by Antony Ramm, Local and Family History, Central Library
In his book Contested Will: Who Wrote Shakespeare? (2010), James Shapiro makes the point that “every literature professor is in the business of speaking to the dead” and that, by extension, “communicating with the dead is what we all do…[e]very time we pick up a volume of Milton or Virgil or Dickens – all of whom achieve a kind of immortality by speaking to us from beyond the grave.”
I think that is true – though I’d go further and argue that the act of “speaking to the dead” is even more prevalent in those historical memories reclaimed through the making of local and family history(ies) than in the kind of literary readings highlighted by Shapiro.
One place these two slightly different approaches to the past intersect is in the surprising place of the Haworth Parsonage long associated with the Brontë family – fittingly so, at the start of the five-year celebration of their literary achievements. More specifically, it’s in the pages of an odd little book we hold in the Local and Family History department of our Central Library.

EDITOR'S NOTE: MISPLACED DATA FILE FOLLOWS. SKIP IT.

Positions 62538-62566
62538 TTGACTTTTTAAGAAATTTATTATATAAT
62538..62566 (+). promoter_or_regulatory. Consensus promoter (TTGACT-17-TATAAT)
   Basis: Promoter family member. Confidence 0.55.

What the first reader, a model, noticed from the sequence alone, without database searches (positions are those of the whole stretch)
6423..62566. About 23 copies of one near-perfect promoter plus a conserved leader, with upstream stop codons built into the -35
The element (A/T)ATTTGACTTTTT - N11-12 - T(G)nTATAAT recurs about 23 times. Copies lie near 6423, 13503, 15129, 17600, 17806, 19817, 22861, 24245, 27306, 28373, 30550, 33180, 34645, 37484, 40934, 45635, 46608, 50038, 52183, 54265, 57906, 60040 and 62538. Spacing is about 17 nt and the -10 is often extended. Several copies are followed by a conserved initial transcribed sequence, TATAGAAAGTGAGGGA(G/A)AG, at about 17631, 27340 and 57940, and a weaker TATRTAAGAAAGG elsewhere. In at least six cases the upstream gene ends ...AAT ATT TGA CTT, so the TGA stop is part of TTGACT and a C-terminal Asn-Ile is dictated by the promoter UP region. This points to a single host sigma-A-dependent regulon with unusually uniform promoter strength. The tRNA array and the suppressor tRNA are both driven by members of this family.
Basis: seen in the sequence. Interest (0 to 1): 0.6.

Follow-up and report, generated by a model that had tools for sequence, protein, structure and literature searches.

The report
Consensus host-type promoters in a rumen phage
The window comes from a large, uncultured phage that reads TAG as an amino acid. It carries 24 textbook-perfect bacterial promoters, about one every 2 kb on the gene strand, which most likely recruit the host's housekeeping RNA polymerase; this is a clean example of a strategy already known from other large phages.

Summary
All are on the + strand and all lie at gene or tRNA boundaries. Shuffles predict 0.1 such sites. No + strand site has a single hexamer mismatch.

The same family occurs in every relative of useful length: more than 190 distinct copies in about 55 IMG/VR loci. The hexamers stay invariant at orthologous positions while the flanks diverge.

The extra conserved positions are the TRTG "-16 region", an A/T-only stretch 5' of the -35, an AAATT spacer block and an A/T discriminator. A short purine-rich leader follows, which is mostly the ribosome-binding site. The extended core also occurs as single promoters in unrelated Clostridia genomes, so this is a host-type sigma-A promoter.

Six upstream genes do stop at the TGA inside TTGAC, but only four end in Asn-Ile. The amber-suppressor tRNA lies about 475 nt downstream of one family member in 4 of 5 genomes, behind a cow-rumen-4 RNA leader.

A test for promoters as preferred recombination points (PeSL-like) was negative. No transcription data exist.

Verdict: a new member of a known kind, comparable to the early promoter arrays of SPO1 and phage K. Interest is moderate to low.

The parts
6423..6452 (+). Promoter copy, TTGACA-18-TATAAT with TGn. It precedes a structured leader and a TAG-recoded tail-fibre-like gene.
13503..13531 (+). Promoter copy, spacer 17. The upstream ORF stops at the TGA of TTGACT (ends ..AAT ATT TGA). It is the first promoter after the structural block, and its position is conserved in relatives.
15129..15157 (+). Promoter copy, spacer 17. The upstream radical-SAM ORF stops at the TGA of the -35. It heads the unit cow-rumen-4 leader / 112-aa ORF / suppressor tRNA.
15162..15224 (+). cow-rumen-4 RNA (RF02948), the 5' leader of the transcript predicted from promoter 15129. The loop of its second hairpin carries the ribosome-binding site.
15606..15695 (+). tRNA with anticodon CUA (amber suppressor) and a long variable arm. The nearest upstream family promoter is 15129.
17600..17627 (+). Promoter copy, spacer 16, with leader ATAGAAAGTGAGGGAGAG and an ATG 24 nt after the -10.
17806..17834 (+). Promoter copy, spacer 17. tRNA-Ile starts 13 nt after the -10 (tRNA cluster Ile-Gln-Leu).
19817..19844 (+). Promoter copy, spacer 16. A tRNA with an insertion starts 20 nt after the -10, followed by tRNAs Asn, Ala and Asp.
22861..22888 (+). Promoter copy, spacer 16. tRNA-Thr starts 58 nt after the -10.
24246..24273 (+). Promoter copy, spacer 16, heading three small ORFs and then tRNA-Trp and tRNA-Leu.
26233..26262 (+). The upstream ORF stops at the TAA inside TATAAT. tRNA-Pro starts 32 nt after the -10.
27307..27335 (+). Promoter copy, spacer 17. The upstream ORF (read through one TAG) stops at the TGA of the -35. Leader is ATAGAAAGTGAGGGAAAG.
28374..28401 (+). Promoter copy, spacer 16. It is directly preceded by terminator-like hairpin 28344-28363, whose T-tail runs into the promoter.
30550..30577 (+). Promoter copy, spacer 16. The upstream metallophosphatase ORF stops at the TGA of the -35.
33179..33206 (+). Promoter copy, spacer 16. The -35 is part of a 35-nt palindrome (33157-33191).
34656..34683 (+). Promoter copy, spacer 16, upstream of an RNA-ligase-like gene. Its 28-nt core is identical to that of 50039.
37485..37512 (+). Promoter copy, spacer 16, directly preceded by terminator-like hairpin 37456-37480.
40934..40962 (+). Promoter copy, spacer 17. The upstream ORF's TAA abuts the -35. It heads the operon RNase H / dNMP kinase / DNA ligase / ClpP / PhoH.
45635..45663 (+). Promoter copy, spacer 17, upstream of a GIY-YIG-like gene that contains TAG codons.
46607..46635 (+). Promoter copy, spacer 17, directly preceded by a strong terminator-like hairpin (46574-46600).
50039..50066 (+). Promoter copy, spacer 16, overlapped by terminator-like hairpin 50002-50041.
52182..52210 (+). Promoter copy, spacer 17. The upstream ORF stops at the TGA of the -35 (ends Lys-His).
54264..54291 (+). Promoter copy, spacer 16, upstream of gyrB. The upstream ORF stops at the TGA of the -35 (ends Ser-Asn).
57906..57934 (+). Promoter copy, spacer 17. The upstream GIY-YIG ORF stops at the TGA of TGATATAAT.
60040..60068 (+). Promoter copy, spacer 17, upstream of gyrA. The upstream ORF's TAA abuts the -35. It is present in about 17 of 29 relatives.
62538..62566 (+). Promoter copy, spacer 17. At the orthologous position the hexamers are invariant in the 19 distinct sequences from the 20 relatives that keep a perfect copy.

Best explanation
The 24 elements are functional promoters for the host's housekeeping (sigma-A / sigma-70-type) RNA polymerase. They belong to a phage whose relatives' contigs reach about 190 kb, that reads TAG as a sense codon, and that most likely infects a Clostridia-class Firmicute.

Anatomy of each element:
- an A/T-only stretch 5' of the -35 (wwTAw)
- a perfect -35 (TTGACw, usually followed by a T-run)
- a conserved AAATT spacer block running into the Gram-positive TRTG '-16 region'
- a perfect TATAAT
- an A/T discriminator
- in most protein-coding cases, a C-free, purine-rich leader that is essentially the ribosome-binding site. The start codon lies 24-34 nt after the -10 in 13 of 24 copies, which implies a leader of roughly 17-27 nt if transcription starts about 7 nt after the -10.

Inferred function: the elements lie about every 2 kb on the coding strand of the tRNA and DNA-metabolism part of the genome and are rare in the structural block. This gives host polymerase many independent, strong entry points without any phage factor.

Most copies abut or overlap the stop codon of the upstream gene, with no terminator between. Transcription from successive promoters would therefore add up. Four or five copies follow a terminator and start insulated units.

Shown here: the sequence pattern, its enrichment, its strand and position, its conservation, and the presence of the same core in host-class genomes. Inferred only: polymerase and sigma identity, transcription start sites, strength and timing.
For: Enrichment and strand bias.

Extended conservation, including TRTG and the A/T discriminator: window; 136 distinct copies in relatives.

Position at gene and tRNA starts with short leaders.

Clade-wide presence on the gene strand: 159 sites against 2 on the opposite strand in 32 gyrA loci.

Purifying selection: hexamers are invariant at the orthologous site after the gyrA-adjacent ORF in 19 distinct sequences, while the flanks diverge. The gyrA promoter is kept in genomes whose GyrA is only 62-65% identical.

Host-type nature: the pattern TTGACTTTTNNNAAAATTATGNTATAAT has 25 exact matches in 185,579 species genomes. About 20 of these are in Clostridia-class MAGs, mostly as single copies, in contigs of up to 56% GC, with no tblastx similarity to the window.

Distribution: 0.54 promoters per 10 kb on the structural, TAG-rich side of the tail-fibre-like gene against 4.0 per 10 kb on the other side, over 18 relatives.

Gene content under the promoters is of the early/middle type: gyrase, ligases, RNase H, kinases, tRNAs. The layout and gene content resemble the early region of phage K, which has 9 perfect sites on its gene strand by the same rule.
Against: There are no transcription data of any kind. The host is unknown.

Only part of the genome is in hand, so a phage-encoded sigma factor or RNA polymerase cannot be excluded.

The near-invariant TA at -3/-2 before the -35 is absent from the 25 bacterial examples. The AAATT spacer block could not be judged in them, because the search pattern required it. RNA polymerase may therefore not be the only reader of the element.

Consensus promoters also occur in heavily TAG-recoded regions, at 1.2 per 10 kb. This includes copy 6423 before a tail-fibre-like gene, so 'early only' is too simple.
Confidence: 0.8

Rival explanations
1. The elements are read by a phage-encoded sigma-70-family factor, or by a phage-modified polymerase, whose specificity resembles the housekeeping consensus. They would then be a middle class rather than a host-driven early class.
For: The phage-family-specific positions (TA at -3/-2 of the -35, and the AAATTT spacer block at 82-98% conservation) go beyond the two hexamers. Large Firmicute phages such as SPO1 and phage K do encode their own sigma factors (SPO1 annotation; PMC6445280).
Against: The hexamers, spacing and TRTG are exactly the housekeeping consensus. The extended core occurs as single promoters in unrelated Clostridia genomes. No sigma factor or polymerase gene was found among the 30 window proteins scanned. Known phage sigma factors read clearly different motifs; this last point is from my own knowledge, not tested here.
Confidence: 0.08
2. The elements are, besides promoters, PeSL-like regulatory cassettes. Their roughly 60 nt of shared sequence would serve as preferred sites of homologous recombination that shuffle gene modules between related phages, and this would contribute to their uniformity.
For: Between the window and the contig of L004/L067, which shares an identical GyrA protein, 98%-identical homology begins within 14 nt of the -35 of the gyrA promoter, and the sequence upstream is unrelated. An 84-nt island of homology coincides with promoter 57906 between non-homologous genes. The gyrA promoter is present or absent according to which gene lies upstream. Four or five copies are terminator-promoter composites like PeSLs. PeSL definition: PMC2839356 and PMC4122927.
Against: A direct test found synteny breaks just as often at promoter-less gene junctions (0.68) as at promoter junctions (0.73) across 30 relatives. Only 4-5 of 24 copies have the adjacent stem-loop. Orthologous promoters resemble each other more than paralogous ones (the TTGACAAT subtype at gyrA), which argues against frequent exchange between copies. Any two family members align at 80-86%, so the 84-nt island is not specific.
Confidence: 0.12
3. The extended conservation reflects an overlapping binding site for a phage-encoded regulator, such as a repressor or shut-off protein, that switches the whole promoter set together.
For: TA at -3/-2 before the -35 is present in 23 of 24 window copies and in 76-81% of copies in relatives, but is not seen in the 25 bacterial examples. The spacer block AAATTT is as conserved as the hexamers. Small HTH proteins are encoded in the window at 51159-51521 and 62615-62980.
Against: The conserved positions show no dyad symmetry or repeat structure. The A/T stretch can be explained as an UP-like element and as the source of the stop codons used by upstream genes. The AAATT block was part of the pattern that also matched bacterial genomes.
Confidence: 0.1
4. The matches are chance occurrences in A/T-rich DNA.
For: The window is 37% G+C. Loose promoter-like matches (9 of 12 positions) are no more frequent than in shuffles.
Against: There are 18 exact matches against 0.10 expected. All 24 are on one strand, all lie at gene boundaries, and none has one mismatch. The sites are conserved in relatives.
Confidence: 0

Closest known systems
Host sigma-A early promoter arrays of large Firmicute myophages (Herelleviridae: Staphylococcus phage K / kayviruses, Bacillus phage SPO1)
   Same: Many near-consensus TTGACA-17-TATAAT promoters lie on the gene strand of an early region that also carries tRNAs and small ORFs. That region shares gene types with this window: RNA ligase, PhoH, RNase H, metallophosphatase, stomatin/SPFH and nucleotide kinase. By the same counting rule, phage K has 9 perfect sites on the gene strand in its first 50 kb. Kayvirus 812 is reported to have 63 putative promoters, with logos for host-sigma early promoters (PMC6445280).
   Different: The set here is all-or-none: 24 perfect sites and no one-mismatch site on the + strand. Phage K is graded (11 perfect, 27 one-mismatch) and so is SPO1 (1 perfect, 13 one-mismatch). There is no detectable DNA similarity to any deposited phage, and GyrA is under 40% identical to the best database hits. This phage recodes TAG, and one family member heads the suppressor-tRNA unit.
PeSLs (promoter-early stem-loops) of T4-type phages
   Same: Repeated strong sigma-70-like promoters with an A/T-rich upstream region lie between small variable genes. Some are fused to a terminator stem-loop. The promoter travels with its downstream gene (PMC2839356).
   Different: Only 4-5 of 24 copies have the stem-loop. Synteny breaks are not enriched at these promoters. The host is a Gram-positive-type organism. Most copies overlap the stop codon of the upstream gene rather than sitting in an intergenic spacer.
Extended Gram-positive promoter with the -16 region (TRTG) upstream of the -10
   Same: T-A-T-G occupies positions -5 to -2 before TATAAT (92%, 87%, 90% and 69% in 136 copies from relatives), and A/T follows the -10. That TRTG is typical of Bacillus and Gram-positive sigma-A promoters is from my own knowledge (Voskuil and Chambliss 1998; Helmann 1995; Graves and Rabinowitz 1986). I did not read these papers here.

That book – News From the Next World by Charles L. Tweedale – was the 1940 sequel to Tweedale’s prior work, Man’s Survival After Death. In that earlier book, Tweedale “answered in the affirmative the age-long question, ‘If a man die shall he live again?'”; in the sequel he hoped to “answer the further question “How does he live and where?'”.
That search appears to have taken, at least in part, the form of written communication with the dead via the hand of his wife, Mrs M.E. Tweedale. Such was the case on Monday the 24th of August, 1931 when, on a journey to Haworth, Mrs Tweedale was physically alerted by forms unknown in the Parsonage. That incident then led to a successful attempt at contacting, first Emily, then Patrick Brontë – both of whom were apparently keen to communicate details of their present existence and, it seems, their signatures – which matched those seen in previously unpublished papers. What to make of this curious episode lay, of course, entirely in the eye of the beholder.
So, to read the entirety of the Tweedale’s eerie encounter with the Brontë – and to see a display of Brontë-related information – please visit our Local and Family History library. You can also browse a guide to our other Brontë holdings by clicking here.